Actually, we had another surprise, as Andrea requested we present something of our work for Cesare and Hanna at the end of the workshop. Heather and I were quite taken aback. We couldn’t see doing the Valentino excerpt without Todd, and our other piece, the one that only involves we two (Death + a Maiden) is prop heavy, and timed in large part by a soundtrack. In the spirit of the workshop (and, I suppose, Italy) however, we attempted it. Heather used a milk crate for a chair, a sort of slender boa for a hair bow and a toilet scrubber for a mirror. I used the thermal blanket for a cloak, a collapsible Chinese long sword for a scythe and a spaghetti spatula for flowers. Sans music, which was a first for us, and sans rehearsal (read: fight call) of the acrobalance and momentum moves involved. It went great, all things considered, was well-received and full of discovery for us both. Plus we got another piece of "Zuppa in Italia" ("Italia della Zuppa"?) on film, impromptu though it may have been.

The adventure did not end with our day’s “rehearsal.” Afterward we five, plus another friend of the theatre, joined up for drinks at a local bar (“bar” in Italy is what we’d think of in America as a café) and getting-to-know-you. Then the subject of an amphitheater in town came up. It was being restored, and they hoped we could see it, though they joked it might mean “breaking in.” Well, we drove across town, and the place was indeed locked up. To my surprise, we actually did break in. At the encouragement of the others, Andrea, Heather, David and I climbed over an eight-foot wall and walked about the amphitheatre. It was heavily under (re)construction, with a giant, net-covered scaffolding in front of the yawning proscenium arch, but you could see how wonderful it would be. On the way back to Orvieto, after goodbyes to our new friends, we fantasized about Aquapendente’s first annual Shakespeare festival opening with our clown production of Romeo & Juliet, or Measure for Measure.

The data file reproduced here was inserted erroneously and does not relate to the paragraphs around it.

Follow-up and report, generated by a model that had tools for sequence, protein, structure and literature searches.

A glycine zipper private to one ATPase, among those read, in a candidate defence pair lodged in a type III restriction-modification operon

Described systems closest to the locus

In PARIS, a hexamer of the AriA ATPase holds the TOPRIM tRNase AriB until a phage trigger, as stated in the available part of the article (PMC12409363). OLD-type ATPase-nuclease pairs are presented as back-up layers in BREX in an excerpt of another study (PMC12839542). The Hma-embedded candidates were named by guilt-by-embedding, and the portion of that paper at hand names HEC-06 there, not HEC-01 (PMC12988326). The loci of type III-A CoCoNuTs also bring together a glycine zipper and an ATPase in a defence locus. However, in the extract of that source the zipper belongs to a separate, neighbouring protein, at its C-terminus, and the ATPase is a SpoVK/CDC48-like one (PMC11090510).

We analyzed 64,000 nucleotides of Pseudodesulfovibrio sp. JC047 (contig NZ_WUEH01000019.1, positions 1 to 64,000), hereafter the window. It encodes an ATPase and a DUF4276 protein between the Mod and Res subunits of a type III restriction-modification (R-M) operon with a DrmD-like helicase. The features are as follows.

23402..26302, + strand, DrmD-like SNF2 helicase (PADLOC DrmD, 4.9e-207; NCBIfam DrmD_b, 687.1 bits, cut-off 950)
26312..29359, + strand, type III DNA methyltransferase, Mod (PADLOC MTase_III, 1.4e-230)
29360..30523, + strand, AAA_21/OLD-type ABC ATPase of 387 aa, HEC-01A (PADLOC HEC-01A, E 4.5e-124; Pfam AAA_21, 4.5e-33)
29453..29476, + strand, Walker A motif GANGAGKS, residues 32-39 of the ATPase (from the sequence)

The day ended quietly, with we three opting to make a dinner of leftovers back at home base after dropping Andrea off. Night settles on slowly now, for a change, and with utterly allergic sinuses but completely fulfilled heart and stomach, I’m off to read Coarse Acting until I fall into increasingly vivid dreams.

ITALIA: June 17, 2007